The Dark House by Chris Walker

Photo of dark house by James Cousins
Photo by James Cousins

The Dark House
By Chris Walker
Published Issue 109, January 2023

“Don’t stare, Nora”

“But mom— ”


The girl with short brown curls felt a sharp tug on her arm as her mom pulled her along. With a huff, Nora reluctantly followed her mother down the sidewalk past the house— “The dark house,” as most of Nora’s fifth grade friends called it. 

It had been there for as long as Nora could remember: a sleek, futuristic-looking home with curving wood panels that might have been the architectural pride of the neighborhood, were it not for its sinister reputation.  

“Bad people live there,” Nora’s mom had once told her. 

“Why are they bad?”

“Just stay away from there, okay?”

And it was always like that. Nora ran up against the same stonewalls with her dad, and the parents of most of her friends. Well, most of them, except for Piper’s dad, who liked to pop open a few beers every time he got home from work, and gave Nora and Piper a few clues the previous summer.

“First, that Williams kid disappeared. Then the young reporter, the only one who ever got close,” he mused one balmy evening, getting lost in his IPA and his thoughts. 

Yet even that was all Piper’s dad would say, leaving Nora and Piper to their imaginations until later that summer, when Nora happened to find some old newspapers stuffed into a box in her parent’s basement. 

“SEARCH FOR OUR REPORTER CONTINUES,” screamed a front page headline of the Herald-Gazette.

Nora may only have been in fifth grade, but she knew this had something to do with what Piper’s dad said. Excitedly, she brought the faded newspaper over to Piper’s house so they could read it together. 

City police tell the Herald-Gazette that they’ve twice visited the corner house on Alcott and Elm. Police spoke to somebody there on both occasions.“We’ve ruled out the home and its residents as having anything to do with any missing persons cases,” says a department spokesman. The department, however, declined to provide the Herald-Gazette with any additional details, citing the sensitivity of ongoing investigations. Property records for the home, as previously obtained by our missing reporter, revealed that the house 4937 Alcott Ln is owned by a series of shell companies.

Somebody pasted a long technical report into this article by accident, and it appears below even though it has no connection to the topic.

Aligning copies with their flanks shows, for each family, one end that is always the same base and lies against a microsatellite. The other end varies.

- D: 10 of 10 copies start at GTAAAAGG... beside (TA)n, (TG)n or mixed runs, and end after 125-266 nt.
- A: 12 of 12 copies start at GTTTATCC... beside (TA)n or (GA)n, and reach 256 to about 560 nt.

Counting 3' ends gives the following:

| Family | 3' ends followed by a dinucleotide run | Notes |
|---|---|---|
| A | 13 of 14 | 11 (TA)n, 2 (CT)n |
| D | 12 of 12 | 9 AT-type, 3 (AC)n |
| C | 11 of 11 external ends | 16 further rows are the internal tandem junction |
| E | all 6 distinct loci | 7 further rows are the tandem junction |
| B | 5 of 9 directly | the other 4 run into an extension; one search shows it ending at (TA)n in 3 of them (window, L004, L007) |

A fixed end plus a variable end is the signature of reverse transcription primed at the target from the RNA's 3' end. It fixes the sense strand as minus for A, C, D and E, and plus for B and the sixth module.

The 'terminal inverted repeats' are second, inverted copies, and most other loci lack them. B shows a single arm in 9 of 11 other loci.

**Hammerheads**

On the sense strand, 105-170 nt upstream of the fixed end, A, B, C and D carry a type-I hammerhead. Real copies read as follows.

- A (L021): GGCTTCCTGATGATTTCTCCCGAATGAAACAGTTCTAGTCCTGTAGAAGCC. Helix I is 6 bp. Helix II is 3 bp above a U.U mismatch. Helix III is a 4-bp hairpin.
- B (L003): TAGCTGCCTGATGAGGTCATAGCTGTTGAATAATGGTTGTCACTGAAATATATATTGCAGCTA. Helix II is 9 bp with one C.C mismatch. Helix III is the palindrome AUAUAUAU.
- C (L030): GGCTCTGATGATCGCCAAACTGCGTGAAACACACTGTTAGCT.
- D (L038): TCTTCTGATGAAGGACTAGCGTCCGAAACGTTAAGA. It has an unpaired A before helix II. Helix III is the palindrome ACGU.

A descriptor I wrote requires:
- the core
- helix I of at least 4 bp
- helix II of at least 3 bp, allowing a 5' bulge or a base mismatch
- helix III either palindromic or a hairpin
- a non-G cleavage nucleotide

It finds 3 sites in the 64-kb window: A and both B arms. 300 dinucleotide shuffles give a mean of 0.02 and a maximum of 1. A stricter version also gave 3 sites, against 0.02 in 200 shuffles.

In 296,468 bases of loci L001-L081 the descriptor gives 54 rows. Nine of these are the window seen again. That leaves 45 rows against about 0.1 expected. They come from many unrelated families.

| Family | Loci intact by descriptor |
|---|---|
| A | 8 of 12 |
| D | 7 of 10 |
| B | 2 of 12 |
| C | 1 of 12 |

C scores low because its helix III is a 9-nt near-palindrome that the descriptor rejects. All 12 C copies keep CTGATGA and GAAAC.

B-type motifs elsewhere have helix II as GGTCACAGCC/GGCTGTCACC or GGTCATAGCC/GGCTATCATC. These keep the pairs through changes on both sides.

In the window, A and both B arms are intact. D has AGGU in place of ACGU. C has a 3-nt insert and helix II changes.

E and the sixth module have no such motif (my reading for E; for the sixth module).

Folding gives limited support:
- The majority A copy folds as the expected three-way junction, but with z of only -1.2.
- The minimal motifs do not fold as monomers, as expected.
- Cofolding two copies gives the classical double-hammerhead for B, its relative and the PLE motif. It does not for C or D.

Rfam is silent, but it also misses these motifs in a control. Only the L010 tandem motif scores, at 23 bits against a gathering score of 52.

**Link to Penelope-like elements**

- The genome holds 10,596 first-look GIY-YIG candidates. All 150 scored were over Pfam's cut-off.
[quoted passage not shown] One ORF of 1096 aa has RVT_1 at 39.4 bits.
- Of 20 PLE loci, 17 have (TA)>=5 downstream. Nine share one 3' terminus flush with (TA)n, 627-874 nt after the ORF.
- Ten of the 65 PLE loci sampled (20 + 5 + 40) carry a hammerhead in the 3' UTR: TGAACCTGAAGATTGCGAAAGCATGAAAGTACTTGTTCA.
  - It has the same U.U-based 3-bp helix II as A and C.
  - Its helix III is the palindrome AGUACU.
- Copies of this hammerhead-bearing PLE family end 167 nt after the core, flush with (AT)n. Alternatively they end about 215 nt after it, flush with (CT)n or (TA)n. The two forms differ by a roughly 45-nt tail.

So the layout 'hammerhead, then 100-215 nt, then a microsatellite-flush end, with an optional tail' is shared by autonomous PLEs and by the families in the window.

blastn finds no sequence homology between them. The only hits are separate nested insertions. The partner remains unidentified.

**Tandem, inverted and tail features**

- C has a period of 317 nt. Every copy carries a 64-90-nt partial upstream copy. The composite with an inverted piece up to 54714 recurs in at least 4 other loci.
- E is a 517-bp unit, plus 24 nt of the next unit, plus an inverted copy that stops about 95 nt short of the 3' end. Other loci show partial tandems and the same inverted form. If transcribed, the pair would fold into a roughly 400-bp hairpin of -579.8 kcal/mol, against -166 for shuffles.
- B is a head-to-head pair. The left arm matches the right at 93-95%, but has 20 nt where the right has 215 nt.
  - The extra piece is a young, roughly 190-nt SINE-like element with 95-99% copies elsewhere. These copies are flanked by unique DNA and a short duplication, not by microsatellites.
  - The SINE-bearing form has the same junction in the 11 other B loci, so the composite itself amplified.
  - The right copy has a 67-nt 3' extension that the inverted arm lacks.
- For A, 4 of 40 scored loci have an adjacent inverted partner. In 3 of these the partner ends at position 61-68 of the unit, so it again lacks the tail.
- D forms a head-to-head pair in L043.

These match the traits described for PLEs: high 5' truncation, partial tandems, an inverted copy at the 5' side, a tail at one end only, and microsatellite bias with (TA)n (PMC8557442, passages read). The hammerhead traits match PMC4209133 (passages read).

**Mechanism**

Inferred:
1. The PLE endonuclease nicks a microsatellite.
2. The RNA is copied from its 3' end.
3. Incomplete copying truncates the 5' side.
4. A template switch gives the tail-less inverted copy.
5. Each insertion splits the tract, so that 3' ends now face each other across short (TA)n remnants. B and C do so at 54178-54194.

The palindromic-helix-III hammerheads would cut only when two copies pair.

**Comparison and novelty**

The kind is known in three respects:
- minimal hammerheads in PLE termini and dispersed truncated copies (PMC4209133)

“Shell?” Piper asked as they read that last line. “Like the beach?”

Nora retuned the newspaper to her basement before her parents could notice it was gone. For the rest of the summer she, Piper, and the other neighborhood kids did as they were told: they avoided going near the dark house. 

The strange thing was that no one ever went in, and no one ever came out. Yet someone had to live there. They’d all seen the lights on at night. And one kid on the playground, Gerald, even said that he once spotted the shadows of a person walking past one of the floor-to-ceiling windows at the front of the house, which always had translucent shades pulled down over them. 

But that October, something changed. It was Piper who first noticed that one of the floor-to-ceiling window shades had been lifted ever so slightly. It was lifted just enough that you might be able to peek underneath into the dark house if you crossed the massive yard and put your face right up to the window.

That’s what Nora had been staring at when her mother coaxed her along the sidewalk; what every kid in the neighborhood had been staring at.

“We need to take a look through that window,” Piper announced the next day on the playground.

Nora gulped. “What do you think we’ll see?”

It would be, in retrospect, the obvious question. But the question inception-ed itself in both of their minds. And the prospect of solving the neighborhood’s biggest mystery was thrilling just to think about. Not only could they solve it — they’d be first! How long would it be before some other kid at school claimed the glory of looking into the dark house? The first to unlock the secrets of what was inside? 

That evening Piper came over to spend the night at Nora’s. And once Nora’s parents had gone to bed, the two snuck out the back door as quietly as they could. It took just minutes to walk the few blocks to the dark house, and though its lights were out, they could tell in the moonlight that the window shade was still open just a few inches at the bottom of a massive pane of glass. 

The girls tiptoed across the lawn, their hearts racing. They were so close, only feet away now. Nora and Piper looked at each other, gulped, and slowly pressed their faces to the glass. 

With a blinding glare, a light blazed on inside the home. 

And before the girls could tear their eyes away from the horrifying image, they heard the snap of a twig behind them.  

Chris Walker is a journalist based in Denver, and an associate editor at 5280 MagazineHe has spent his career chasing stories around the globe for publications ranging from VICE to The Atlantic, and has explored the worlds of skydiving drug smugglers, murderous expats, and armed off-gridders. But one thing that truly terrifies him? Showing people his fiction. He appreciates this chance to get outside of his comfort zone. More information about Walker’s work, including a list of journalism awards, can be found at Catch him on Twitter.

This is Chris’ debut with Birdy. Keep your eyes peeled for more of his work in the near future.